John said in 1 John 4:19 ?we love because He first loved us.? You were not exactly a real catch when God called you into His family. When we don?t accept the differences between us, it is a little like the pot calling the kettle black. We need to accept each other?s weaknesses, knowing that we are saved by grace and not by our works and that God is in the process of changing each of us in His way and in His time, and through selfless love.
Whenever I bring this up the first reaction many have is: ?but what about sin?? If you see sin (not thinking, speaking, or acting just like God) then there is a way to address it, but with a gentle hand, not a club:
Gal. 6:1 Brothers, if someone is caught in any wrongdoing, you who are spiritual should restore such a person with a gentle spirit, watching out for yourselves so you also won?t be tempted.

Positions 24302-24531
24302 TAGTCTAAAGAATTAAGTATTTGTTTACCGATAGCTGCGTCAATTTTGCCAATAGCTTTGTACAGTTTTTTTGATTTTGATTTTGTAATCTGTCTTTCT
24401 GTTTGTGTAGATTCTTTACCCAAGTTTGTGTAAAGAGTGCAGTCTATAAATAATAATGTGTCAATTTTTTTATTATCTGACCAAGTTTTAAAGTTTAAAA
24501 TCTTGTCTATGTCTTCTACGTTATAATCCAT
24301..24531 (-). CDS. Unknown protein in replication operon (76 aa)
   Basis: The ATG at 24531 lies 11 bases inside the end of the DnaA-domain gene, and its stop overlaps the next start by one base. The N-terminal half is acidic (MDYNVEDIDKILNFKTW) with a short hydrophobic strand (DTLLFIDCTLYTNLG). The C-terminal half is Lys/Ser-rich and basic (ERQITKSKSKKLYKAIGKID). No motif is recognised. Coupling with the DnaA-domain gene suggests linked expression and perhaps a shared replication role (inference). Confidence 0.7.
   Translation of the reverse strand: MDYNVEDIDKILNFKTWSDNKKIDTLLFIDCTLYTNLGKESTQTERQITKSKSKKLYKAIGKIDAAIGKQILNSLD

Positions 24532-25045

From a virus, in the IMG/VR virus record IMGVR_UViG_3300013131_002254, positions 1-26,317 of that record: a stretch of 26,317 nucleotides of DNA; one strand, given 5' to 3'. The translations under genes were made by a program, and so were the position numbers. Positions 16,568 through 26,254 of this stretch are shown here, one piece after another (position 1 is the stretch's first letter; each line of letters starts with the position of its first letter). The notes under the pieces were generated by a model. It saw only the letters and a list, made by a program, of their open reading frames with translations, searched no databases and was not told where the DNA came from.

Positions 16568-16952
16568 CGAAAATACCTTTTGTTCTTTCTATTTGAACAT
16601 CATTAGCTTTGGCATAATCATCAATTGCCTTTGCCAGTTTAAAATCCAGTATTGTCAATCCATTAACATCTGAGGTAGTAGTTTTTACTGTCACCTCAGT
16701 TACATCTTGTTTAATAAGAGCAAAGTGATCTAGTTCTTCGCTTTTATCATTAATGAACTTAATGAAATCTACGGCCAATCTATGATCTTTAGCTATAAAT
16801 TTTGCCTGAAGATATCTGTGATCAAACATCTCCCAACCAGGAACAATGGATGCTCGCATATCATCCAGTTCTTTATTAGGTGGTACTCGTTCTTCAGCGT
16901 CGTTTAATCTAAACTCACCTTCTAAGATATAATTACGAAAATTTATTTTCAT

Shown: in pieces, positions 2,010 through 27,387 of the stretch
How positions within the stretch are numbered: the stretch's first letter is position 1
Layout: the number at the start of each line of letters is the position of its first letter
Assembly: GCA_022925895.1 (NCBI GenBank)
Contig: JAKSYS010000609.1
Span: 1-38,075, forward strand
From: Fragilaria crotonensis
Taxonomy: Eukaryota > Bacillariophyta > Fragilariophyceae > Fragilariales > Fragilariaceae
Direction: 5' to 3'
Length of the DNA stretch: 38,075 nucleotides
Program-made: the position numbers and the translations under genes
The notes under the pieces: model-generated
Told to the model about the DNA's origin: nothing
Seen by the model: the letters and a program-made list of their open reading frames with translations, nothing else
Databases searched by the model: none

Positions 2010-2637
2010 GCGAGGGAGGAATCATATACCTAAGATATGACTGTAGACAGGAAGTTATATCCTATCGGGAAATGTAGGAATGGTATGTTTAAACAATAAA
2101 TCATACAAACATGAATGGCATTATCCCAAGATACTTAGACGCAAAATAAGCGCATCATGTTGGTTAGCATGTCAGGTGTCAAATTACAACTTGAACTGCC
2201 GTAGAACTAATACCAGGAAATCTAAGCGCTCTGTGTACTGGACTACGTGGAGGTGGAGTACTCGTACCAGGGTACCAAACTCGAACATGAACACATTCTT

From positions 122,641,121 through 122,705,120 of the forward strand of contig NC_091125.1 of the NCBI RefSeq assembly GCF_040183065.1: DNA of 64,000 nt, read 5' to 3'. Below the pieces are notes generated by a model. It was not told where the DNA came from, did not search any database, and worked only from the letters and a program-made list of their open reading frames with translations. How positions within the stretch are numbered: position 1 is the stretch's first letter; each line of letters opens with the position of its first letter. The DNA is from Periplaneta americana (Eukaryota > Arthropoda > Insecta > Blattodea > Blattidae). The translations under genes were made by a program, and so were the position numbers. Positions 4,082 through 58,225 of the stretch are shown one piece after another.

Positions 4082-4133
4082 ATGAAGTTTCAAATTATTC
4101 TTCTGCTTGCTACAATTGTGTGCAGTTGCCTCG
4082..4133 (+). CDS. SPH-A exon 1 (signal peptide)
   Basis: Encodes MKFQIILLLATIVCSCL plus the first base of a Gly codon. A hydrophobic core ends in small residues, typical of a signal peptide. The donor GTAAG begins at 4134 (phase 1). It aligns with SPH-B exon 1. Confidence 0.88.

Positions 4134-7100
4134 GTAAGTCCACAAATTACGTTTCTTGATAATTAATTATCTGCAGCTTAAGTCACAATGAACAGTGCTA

We?re going to stop there because in verses 3 ? 6 Paul furthers his argument for unity by connecting it to the unity of the trinity and all of the ways it is expressed.
So how do these verses work practically in our lives?
- Realize there are areas in your life that need to be changed
- Don?t under or overestimate the need for change
- God?s self-sacrificing love is the standard to measure by
- Begin by an ongoing, Spirit led, Word-based, loving, self-assessment of who you are, and where God has you (humble)
- Continue by a conscious submission of yourself to God?s purposes (gentle)
- Be in it for the long haul, this isn?t a sprint but a marathon (patient)
- Be aware that God is doing the same work in others so make space